Australian Post Office
Telephone No. 237

Telephone, Automatic, Wall

Wooden wall telephone that was supplied as Automatic or Central Battery versions.  Introduced around 1939, this telephone was introduced to use up the existing stock of Bellsets and became the standard wall telephone at that time.  All telephones were refurbished.

Models 237AW and 237CBW incorporated the new Bakelite handsets on a modified switch hook.  Older phones were completely stripped, cleaned and refurbished, as they had to compete with the newer Bakelite models.  Metalwork was replaced where necessary, and the newer No. 10 dial was added.  A new black rayon anti-twist cord was fitted.  The PMG had a large stock of earlier Type 37s and bell boxes recovered from redundant candlestick phones and this was an economic way to use them.  The refinished phones were very attractive in their wood grained maple, oak and walnut timbers.  On converted Type 37s the dial hole was already in the lower part of the door so the transmitter holes were filled or plugged with small wooden plugs.

The 37 series remained the standard auto wall phone until the early 1950s. At this point Bakelite phones took over.

An unusual Telephone No. 237 with no bells fitted is pictured to the right.  A small number of these were used with coin receptacles for public telephones in supervised locations.  This one was recycled from a bell box.  The holes at the top for the bell mountings were filled with wooden plugs.  Note also that the grain on the door runs horizontally, the reverse of the British construction practice.

In later times of shortage similar phones were bought in from Stromberg Carlson (their Model 1157) and Kellogg.  The Stromberg Carlson sets were steel-cased, and had the transmitter and bells mounted inside the case.  They were usually imported in CB form and had an Australian dial added where needed.  They were ideal for hard-use locations such as Public Telephones.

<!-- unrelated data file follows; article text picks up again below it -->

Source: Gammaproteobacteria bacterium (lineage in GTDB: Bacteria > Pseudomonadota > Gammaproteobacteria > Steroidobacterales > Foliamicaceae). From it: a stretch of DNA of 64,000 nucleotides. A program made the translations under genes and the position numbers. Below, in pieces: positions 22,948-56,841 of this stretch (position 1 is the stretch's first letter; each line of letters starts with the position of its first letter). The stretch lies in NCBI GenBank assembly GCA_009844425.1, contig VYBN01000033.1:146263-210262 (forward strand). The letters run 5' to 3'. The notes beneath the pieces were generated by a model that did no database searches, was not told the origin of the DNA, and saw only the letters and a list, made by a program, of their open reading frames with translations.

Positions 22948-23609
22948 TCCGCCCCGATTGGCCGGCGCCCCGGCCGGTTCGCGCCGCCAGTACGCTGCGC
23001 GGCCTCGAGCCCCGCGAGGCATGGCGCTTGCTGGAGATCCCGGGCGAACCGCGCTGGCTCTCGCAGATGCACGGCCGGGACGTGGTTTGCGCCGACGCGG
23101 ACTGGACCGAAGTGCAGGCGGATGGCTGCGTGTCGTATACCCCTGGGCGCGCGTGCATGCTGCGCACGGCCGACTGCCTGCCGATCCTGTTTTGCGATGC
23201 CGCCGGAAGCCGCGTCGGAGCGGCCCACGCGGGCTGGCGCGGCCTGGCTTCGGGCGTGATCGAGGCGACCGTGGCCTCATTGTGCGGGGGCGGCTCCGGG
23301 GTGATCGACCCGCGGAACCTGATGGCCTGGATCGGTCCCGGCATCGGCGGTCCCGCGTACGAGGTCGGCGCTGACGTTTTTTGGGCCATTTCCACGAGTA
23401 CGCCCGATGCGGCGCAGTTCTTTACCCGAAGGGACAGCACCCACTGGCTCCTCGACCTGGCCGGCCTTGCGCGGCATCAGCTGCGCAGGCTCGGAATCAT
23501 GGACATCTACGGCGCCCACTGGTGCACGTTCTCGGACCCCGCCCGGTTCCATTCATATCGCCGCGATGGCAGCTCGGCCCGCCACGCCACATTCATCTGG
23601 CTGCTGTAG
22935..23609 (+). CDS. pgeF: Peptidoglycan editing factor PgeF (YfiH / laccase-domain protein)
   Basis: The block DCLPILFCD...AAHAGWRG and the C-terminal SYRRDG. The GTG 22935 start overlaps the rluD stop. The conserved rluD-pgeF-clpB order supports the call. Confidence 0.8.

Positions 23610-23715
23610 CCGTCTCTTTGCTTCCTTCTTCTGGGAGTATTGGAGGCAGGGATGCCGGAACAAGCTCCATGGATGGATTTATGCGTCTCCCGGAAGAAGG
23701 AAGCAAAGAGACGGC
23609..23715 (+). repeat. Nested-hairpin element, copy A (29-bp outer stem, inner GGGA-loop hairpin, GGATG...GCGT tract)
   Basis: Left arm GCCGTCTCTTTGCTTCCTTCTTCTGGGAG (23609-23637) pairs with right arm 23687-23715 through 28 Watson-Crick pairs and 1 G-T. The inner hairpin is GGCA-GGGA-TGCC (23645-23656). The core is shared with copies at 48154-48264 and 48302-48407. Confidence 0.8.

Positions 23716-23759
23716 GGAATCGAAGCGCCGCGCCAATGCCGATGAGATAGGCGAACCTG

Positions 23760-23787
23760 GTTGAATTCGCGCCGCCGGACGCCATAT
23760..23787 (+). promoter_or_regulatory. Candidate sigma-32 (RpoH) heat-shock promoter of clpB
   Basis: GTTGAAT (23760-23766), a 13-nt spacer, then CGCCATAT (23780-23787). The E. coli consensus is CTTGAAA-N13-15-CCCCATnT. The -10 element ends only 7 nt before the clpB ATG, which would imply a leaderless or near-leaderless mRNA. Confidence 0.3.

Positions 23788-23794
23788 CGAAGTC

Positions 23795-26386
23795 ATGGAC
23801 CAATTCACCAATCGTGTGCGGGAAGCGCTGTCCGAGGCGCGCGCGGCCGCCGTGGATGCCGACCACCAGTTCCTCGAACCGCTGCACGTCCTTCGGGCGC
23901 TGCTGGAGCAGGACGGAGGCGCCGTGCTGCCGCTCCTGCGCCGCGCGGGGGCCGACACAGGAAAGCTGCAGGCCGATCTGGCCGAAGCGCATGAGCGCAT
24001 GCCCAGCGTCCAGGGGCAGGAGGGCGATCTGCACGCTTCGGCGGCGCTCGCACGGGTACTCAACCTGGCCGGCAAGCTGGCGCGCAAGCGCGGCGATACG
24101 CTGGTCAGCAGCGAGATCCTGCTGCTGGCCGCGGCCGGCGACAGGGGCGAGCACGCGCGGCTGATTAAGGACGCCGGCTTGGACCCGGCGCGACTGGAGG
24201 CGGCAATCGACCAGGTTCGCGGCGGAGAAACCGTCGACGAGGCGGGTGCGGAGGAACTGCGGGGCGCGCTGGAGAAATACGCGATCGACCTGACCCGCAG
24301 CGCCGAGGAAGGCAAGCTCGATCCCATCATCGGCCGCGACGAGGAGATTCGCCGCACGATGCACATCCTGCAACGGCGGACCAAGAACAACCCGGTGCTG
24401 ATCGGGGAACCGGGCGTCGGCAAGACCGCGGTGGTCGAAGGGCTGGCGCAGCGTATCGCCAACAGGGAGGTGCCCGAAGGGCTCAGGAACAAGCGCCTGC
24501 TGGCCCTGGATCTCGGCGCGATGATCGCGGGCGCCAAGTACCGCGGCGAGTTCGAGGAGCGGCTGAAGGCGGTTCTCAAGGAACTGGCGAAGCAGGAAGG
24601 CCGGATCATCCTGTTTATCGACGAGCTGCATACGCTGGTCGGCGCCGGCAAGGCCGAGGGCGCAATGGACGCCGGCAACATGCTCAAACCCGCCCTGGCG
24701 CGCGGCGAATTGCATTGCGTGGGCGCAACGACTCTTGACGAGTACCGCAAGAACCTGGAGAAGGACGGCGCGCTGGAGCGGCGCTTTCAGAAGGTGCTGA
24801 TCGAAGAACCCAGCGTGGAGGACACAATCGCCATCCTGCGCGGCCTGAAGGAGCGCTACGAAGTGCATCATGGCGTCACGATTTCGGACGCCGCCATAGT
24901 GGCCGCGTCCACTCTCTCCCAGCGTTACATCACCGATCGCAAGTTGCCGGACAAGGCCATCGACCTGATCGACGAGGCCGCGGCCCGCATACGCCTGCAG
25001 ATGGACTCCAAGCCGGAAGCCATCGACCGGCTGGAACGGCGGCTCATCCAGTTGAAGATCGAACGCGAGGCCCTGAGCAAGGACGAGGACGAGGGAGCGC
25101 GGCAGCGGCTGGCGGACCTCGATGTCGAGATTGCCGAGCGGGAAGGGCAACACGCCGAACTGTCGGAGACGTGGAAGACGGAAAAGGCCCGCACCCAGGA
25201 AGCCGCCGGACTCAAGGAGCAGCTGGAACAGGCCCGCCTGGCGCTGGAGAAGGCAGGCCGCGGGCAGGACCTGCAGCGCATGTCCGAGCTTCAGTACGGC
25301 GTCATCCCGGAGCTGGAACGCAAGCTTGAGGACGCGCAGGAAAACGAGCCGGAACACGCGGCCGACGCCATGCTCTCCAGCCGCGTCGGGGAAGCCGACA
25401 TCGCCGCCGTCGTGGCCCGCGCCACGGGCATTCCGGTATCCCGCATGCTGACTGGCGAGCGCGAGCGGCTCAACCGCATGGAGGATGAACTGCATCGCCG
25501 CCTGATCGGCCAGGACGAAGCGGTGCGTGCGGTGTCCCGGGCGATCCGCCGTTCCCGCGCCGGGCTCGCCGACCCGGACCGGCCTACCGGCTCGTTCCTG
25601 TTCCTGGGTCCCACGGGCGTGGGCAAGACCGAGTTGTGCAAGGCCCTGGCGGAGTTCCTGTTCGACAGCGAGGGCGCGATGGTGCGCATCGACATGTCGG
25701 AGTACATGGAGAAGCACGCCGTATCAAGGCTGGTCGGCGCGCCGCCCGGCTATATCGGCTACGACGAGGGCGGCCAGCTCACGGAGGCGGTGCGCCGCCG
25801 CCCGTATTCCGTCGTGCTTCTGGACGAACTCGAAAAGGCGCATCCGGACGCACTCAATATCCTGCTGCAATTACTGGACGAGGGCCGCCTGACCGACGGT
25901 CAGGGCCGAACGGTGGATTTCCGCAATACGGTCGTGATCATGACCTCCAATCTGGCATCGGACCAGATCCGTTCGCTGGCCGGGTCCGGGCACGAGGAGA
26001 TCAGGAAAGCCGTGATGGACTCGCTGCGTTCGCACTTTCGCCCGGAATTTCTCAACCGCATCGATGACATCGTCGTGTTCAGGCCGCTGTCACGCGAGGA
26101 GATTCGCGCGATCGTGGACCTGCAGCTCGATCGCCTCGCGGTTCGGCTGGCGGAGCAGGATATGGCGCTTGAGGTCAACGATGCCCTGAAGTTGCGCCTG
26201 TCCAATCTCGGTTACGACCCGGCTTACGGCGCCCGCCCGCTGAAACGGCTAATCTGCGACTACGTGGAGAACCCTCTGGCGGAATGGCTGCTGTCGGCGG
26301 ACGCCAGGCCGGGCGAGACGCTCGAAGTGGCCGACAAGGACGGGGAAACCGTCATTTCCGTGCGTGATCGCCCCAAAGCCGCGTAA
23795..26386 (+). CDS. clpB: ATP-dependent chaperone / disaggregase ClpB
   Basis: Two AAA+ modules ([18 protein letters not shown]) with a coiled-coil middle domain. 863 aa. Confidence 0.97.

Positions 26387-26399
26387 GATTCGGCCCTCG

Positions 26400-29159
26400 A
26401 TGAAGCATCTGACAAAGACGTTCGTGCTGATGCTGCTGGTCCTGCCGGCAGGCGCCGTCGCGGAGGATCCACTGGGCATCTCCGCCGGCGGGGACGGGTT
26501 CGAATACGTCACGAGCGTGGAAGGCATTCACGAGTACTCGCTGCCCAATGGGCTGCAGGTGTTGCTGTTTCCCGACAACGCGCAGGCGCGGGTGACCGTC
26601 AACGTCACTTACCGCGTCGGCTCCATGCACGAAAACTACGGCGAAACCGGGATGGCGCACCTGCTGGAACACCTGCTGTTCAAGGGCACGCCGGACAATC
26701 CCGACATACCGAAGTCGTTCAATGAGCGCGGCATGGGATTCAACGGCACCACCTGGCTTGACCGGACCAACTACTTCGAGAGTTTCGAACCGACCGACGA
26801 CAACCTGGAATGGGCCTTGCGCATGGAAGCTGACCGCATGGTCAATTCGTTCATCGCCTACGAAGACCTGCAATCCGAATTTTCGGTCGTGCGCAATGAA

They were a durable little phone and some were still being recovered in the 1970s.  In the United States Western Electric changed to pressed steel cases, but in Australia the APO kept the wooden models going until Bakelite models finally replaced them.  A British magneto model was also made by British Ericsson, but was not used in Australia.

Taken from Bob's Old Phones

237AW 237CBW

Issue 1, June 1942


Telephone 237AW and Telephone 237CBW are handset types converted from a wooden CB bell box.  The serial numbers are 1/22 and 1/21.

Drawing C.l5l4 shows the wiring of both the CB and Automatic telephone and a copy is fixed inside the instrument.  The CB instrument is not convertible to automatic and will be changed if the service is to become automatic.  Experience has shown that the instruments in `convertible' form is not always warranted and many are never converted. In the present case, the plain front is being retained.

This telephone has all the advantages in quality and volume of transmission and reception provided in the latest types of handset instruments.

When stocks are available these instruments will be issued for all wall type handsets in CB and automatic areas.  The use of table telephones mounted on brackets (162AT/CBT, 232AT/CBT and 332AT/CBT on brackets) will be discontinued as soon as possible.

Click here for this instruction in PDF format


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Last revised June 26, 2022